Follow us
Publications Commentary Research People Events News Resources and Videos About IFS
Home Publications Importing inequality: immigration and the top 1 percent

Importing inequality: immigration and the top 1 percent

Arun Advani, Felix Koenig, Lorenzo Pessina and Andy Summers
IFS Working Paper W20/31

In this paper we study the contribution of migrants to the rise in UK top incomes. Using administrative data on the universe of UK taxpayers we show migrants are over-represented at the top of the income distribution, with migrants twice as prevalent in the top 0.1% as anywhere in the bottom 97%. These high incomes are predominantly from labour, rather than capital, and migrants are concentrated in only a handful of industries, predominately finance. Almost all (85%) of the growth in the UK top 1% income share over the past 20 years can be attributed to migration.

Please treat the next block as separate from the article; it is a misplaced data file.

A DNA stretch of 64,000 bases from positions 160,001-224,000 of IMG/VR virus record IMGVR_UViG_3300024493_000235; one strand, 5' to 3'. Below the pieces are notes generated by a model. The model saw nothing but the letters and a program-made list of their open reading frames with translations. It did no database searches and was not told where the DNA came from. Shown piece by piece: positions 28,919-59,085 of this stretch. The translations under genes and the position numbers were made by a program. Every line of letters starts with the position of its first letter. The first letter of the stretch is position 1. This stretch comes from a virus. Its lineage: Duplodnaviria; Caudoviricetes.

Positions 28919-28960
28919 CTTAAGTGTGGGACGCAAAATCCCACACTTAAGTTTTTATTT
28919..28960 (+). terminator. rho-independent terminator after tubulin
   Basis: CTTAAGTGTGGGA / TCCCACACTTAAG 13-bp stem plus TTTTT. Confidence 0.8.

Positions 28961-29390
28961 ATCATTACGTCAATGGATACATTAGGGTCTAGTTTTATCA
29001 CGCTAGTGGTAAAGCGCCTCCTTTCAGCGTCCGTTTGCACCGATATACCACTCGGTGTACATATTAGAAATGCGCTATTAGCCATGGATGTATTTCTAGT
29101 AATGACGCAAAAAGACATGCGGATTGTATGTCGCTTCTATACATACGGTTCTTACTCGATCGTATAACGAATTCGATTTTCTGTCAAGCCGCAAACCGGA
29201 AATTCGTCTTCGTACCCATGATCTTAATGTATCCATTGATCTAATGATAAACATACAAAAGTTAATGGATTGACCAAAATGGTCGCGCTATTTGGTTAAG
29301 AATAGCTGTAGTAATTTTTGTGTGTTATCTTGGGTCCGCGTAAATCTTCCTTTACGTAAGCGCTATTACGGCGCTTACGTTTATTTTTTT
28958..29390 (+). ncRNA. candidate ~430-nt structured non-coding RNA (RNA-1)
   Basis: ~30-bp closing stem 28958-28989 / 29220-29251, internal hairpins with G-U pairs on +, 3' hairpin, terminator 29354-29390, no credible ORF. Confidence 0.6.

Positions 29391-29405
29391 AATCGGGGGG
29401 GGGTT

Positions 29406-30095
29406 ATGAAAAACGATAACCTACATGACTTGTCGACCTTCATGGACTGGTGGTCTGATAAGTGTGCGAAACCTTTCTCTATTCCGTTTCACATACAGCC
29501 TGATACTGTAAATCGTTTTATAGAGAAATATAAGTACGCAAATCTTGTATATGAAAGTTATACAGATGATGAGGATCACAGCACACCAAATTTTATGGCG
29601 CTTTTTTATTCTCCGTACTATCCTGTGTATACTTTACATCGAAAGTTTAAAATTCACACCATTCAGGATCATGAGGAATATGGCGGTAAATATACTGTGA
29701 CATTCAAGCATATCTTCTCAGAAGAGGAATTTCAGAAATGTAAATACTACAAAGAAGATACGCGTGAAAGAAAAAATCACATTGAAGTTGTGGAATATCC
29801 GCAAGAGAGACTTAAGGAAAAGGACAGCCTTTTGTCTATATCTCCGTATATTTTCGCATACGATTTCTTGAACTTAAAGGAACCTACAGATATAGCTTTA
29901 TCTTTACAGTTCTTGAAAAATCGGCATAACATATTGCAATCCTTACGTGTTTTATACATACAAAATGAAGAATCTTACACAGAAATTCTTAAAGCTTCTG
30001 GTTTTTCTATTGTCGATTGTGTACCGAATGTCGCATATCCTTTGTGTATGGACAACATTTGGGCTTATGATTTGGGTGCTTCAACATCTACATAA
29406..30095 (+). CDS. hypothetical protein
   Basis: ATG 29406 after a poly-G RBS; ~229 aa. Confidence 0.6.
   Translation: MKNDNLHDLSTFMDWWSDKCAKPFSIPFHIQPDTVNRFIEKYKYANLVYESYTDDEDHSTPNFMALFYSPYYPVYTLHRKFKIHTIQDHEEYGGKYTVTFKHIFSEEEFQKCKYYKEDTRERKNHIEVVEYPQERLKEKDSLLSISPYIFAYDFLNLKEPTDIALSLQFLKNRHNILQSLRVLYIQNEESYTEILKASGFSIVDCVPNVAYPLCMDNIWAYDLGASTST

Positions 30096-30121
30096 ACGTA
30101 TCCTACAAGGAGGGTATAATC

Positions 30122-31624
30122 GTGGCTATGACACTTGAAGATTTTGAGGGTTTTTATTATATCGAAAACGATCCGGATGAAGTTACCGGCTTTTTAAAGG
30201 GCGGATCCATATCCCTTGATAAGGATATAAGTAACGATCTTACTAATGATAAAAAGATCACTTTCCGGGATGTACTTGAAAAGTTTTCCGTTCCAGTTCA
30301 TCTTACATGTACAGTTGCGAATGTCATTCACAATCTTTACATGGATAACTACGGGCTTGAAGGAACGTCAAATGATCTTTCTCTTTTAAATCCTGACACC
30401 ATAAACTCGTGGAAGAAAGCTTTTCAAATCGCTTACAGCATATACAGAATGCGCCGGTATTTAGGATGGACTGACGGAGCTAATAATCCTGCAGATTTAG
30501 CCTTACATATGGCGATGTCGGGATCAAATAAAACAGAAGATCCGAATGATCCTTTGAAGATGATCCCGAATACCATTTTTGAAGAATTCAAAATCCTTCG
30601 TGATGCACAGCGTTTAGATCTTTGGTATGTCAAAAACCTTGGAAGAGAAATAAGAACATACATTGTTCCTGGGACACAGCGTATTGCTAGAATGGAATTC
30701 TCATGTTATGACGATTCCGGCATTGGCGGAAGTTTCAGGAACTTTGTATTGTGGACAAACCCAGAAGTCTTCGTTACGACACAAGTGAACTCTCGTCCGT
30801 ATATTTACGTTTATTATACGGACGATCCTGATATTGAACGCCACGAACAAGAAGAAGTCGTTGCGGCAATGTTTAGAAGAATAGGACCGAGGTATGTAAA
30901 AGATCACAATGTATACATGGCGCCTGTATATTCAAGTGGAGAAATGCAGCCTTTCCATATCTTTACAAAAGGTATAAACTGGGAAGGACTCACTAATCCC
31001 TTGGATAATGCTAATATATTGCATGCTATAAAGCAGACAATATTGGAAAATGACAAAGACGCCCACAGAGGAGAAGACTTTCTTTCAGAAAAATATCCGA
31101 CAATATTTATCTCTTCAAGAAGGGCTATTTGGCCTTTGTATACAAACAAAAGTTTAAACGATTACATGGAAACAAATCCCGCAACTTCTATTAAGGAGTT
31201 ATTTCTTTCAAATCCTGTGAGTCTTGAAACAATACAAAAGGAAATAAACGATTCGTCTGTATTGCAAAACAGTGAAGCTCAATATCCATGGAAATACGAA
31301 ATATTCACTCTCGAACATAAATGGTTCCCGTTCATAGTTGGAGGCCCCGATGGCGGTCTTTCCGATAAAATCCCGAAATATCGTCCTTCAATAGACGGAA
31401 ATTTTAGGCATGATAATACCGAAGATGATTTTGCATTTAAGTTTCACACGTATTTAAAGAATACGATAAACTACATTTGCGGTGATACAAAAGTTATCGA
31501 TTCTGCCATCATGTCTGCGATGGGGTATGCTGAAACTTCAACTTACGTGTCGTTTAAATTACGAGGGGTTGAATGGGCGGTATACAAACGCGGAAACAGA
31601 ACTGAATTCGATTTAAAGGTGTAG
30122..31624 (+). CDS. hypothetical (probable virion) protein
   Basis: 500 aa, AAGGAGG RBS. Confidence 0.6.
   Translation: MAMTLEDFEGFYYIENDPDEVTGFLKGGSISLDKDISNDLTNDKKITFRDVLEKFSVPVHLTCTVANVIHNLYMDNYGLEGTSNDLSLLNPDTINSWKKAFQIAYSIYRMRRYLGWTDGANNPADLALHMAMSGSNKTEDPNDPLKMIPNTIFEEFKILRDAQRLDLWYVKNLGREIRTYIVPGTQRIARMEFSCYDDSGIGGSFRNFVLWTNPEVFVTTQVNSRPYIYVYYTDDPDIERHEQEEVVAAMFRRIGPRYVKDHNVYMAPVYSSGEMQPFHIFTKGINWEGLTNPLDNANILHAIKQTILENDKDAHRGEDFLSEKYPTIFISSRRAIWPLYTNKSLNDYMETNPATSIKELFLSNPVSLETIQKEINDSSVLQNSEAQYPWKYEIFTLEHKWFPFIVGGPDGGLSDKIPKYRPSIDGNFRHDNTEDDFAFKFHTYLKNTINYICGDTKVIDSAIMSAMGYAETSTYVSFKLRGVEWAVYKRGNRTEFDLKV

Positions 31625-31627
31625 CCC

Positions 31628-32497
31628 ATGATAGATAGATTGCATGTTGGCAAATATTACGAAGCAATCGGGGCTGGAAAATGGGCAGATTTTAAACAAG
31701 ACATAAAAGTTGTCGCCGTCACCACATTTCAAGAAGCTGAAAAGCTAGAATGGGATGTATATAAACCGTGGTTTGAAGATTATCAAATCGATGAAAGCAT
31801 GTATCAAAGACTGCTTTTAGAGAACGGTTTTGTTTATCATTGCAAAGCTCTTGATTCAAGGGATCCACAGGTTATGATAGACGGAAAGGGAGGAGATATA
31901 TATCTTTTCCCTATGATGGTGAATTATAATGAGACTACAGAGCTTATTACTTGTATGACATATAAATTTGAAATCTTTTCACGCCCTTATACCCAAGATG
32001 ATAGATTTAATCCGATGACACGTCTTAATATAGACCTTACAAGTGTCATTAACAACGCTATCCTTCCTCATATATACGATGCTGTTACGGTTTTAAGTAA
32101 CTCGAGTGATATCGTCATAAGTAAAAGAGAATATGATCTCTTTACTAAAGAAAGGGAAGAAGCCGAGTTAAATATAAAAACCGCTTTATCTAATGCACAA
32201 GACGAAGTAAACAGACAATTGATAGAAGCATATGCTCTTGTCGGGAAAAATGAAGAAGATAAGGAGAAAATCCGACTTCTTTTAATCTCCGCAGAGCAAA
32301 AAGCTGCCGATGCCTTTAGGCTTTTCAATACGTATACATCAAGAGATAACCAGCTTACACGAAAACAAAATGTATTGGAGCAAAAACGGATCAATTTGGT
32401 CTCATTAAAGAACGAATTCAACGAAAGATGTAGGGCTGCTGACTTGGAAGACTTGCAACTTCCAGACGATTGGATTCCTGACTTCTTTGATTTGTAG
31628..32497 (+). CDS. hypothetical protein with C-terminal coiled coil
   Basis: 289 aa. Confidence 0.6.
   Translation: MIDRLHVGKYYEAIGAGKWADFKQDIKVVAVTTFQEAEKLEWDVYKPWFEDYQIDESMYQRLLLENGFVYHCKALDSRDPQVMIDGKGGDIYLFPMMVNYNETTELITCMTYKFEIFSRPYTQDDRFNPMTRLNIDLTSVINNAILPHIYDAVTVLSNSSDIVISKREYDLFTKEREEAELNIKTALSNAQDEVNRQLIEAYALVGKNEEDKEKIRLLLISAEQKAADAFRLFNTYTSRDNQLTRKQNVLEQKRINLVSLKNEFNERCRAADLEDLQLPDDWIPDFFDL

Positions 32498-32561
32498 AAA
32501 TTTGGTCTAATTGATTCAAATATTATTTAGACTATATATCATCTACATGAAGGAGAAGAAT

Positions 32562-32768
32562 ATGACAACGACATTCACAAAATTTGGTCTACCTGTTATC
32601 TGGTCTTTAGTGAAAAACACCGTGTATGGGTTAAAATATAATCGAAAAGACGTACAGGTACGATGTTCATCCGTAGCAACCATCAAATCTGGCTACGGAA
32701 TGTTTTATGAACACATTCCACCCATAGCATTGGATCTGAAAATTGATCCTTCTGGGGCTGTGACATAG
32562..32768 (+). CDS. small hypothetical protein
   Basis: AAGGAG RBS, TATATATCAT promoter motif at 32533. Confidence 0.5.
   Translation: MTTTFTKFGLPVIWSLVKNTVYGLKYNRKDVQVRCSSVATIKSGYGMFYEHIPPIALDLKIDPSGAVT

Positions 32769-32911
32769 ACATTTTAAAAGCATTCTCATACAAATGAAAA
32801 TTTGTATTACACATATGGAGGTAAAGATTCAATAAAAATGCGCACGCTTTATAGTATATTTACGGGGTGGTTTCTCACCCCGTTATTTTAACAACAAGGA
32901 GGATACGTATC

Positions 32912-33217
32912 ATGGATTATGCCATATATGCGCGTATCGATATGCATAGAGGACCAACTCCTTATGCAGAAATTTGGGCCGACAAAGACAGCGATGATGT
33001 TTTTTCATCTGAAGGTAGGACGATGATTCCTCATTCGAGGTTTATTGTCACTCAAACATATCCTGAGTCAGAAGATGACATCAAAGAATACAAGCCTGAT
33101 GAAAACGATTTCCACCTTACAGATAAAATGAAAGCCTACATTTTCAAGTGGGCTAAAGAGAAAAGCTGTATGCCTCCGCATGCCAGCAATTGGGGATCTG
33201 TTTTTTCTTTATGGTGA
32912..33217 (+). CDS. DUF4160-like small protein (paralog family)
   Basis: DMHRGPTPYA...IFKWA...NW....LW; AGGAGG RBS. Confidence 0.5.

Deaton inequality website

More on this topic

Press release
Most people say, when prompted, that they are concerned about inequalities. But the degree of concern is highly variable, and the concern is not matched by a consensus about what, if anything, government should do.
Presentation
Book chapter
This chapter lays out the reasons we have for objecting to certain differences between what individuals have and in how they relate to one another. Our aim is to show that there is a plurality of reasons to be concerned with such differences and not simply with the absolute amount that each ...
Book chapter
Perceptions of the extent and causes of inequalities are vitally important to the functioning of societies, economies and politics. If the public thinks that inequalities are large – and, crucially, that they are unfair – this can undermine faith in political and economic systems as a whole.
Presentation